Rapid7 Vulnerability & Exploit Database

Safari Webkit Proxy Object Type Confusion

Back to Search

Safari Webkit Proxy Object Type Confusion



This module exploits a type confusion bug in the Javascript Proxy object in WebKit. The DFG JIT does not take into account that, through the use of a Proxy, it is possible to run arbitrary JS code during the execution of a CreateThis operation. This makes it possible to change the structure of e.g. an argument without causing a bailout, leading to a type confusion (CVE-2018-4233). The type confusion leads to the ability to allocate fake Javascript objects, as well as the ability to find the address in memory of a Javascript object. This allows us to construct a fake JSCell object that can be used to read and write arbitrary memory from Javascript. The module then uses a ROP chain to write the first stage shellcode into executable memory within the Safari process and kick off its execution. The first stage maps the second stage macho (containing CVE-2017-13861) into executable memory, and jumps to its entrypoint. The CVE-2017-13861 async_wake exploit leads to a kernel task port (TFP0) that can read and write arbitrary kernel memory. The processes credential and sandbox structure in the kernel is overwritten and the meterpreter payloads code signature hash is added to the kernels trust cache, allowing Safari to load and execute the (self-signed) meterpreter payload.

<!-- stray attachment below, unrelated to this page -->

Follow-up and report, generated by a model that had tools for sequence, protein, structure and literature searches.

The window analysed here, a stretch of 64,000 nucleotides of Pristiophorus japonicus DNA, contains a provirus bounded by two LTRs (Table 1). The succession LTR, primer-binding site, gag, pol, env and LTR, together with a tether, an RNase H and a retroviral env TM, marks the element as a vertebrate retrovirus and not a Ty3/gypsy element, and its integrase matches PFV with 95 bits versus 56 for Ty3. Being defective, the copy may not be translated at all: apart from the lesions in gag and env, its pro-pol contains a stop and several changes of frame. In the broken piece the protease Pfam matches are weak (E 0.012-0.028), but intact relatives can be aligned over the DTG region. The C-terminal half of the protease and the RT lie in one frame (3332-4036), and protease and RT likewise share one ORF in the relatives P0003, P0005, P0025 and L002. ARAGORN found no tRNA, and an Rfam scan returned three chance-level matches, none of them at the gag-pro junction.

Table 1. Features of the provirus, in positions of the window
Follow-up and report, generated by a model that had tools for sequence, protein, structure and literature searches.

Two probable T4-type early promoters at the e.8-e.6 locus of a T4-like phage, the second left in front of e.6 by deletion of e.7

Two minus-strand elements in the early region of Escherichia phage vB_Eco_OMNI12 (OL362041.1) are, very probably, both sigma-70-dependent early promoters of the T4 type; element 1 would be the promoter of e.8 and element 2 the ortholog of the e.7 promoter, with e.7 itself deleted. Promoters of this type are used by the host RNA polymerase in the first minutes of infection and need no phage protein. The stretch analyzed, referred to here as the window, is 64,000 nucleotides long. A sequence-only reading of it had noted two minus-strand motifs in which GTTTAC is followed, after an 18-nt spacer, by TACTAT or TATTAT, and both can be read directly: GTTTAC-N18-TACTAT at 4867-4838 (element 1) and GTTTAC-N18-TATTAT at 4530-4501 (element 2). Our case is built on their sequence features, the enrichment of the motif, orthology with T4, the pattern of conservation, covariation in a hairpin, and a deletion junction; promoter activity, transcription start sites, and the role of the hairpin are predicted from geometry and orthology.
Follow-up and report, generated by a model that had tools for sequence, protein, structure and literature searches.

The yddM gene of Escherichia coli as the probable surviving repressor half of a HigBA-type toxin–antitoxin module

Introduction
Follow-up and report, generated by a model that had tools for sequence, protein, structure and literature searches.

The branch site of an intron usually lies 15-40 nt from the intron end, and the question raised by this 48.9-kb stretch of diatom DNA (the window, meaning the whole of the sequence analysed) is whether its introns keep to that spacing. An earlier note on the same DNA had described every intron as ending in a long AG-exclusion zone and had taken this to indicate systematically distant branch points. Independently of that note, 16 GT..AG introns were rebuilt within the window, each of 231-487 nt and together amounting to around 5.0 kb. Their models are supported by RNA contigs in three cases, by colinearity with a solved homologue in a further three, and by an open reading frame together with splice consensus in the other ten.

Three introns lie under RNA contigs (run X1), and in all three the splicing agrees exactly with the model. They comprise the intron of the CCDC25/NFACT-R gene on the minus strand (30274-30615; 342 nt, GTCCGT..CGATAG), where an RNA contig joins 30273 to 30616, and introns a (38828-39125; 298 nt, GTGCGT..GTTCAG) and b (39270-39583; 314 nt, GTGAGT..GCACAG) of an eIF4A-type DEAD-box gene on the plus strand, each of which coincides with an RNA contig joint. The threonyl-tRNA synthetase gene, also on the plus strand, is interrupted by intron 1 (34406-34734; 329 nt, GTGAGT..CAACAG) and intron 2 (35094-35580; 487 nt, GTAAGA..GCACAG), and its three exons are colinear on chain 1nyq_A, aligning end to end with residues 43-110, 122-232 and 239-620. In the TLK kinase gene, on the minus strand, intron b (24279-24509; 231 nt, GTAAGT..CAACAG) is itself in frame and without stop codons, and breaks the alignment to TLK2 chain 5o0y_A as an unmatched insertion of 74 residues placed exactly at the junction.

• saelo
  • niklasb
  • Ian Beer
  • siguza






Module Options

To display the available options, load the module within the Metasploit console and run the commands 'show options' or 'show advanced':

msf > use exploit/apple_ios/browser/webkit_createthis
msf exploit(webkit_createthis) > show targets
msf exploit(webkit_createthis) > set TARGET < target-id >
msf exploit(webkit_createthis) > show options
    ...show and set options...
msf exploit(webkit_createthis) > exploit

Time is precious, so I don’t want to do something manually that I can automate. Leveraging the Metasploit Framework when automating any task keeps us from having to re-create the wheel as we can use the existing libraries and focus our efforts where it matters.

– Jim O’Gorman | President, Offensive Security